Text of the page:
In five words, tell us the most important qualities for someone in your particular role…
Encouraging, supportive, informative, attentive + pragmatic.
What do you enjoy most about working in your field?
The subject area of health and the wondrous nature of food have always fascinated me. Understanding this and being able to share it with others is very satisfying. Having the ability to empower people to take control of their health and giving people the knowledge and tools to actively improve their physical and mental wellbeing is the best part of my work.
What’s next on your horizon?
A cookbook! Inspired by my beautiful but vegetable-hating toddler. I’m writing the first draft now.
If you weren’t a Nutritional Therapist you would have been a…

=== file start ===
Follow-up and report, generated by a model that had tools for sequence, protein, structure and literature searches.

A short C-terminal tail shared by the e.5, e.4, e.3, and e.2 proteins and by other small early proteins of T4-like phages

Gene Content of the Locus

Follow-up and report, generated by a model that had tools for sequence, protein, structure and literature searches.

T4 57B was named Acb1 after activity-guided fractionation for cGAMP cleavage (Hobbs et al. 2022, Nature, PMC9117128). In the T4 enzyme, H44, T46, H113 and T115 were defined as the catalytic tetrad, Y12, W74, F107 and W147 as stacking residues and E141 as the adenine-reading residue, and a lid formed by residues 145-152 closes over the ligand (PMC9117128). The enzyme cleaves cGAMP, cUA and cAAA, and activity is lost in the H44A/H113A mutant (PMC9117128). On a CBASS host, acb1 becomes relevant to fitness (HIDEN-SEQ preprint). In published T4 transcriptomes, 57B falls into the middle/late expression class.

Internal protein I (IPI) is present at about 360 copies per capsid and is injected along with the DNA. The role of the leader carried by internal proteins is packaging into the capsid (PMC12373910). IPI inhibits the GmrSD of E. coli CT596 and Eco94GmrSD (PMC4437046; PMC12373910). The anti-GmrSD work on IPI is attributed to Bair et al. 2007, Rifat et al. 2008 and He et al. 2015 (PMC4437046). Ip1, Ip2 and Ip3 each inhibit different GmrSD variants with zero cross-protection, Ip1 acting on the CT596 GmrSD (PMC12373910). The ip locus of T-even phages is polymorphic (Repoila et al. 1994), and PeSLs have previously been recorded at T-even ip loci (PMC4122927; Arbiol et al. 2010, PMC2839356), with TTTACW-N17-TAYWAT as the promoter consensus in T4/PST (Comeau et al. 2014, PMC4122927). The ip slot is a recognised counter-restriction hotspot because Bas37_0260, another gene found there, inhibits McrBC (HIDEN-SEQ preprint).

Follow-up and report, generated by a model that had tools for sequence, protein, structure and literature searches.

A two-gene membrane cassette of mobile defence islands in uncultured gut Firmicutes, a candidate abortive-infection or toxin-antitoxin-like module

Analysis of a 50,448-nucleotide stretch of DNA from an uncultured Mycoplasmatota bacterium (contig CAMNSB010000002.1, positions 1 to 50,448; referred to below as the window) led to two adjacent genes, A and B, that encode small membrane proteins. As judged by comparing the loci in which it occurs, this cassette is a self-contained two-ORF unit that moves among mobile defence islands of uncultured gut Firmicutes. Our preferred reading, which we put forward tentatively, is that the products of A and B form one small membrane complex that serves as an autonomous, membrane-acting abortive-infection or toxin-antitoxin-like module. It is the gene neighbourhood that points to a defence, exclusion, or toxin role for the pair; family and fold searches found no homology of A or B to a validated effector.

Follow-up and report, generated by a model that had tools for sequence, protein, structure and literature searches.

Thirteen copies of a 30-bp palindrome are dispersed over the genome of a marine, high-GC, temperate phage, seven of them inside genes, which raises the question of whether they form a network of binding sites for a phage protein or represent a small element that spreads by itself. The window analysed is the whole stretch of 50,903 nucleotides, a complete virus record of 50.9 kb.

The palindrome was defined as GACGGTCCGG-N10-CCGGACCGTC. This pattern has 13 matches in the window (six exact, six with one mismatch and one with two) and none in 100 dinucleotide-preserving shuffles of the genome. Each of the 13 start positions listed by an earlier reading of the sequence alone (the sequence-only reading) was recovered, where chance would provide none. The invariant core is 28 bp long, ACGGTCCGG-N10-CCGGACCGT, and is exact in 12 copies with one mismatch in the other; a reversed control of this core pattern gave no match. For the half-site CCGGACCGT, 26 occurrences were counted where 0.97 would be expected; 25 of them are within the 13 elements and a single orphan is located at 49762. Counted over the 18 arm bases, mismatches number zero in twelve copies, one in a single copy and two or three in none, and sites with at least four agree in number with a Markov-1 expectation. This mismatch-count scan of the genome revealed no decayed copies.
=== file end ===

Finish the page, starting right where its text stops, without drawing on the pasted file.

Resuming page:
Working in film or TV production.
Why are you such a firm believer in the I Quit Sugar philosophy?
The fundamental principles of I Quit Sugar means it effectively helps people to transform their health and provides them with a lifestyle that is sustainable and enjoyable.
For me, this is based on the nutritional foundations, which I have long been a proponent of. No refined sugars, low natural sugars, good amounts of healthy fats and protein and high veggie intake. If you can get some red wine and dark chocolate in there too all the better! I Quit Sugar found a way of making this doable and very appealing.
IQS’ focus on the environmental impact of our food choice and consumption is so great as well. Whether it’s encouraging people to re-use their zip-lock plastic bags or minimise food waste we need to help people to make small changes to their everyday routines that will help our world.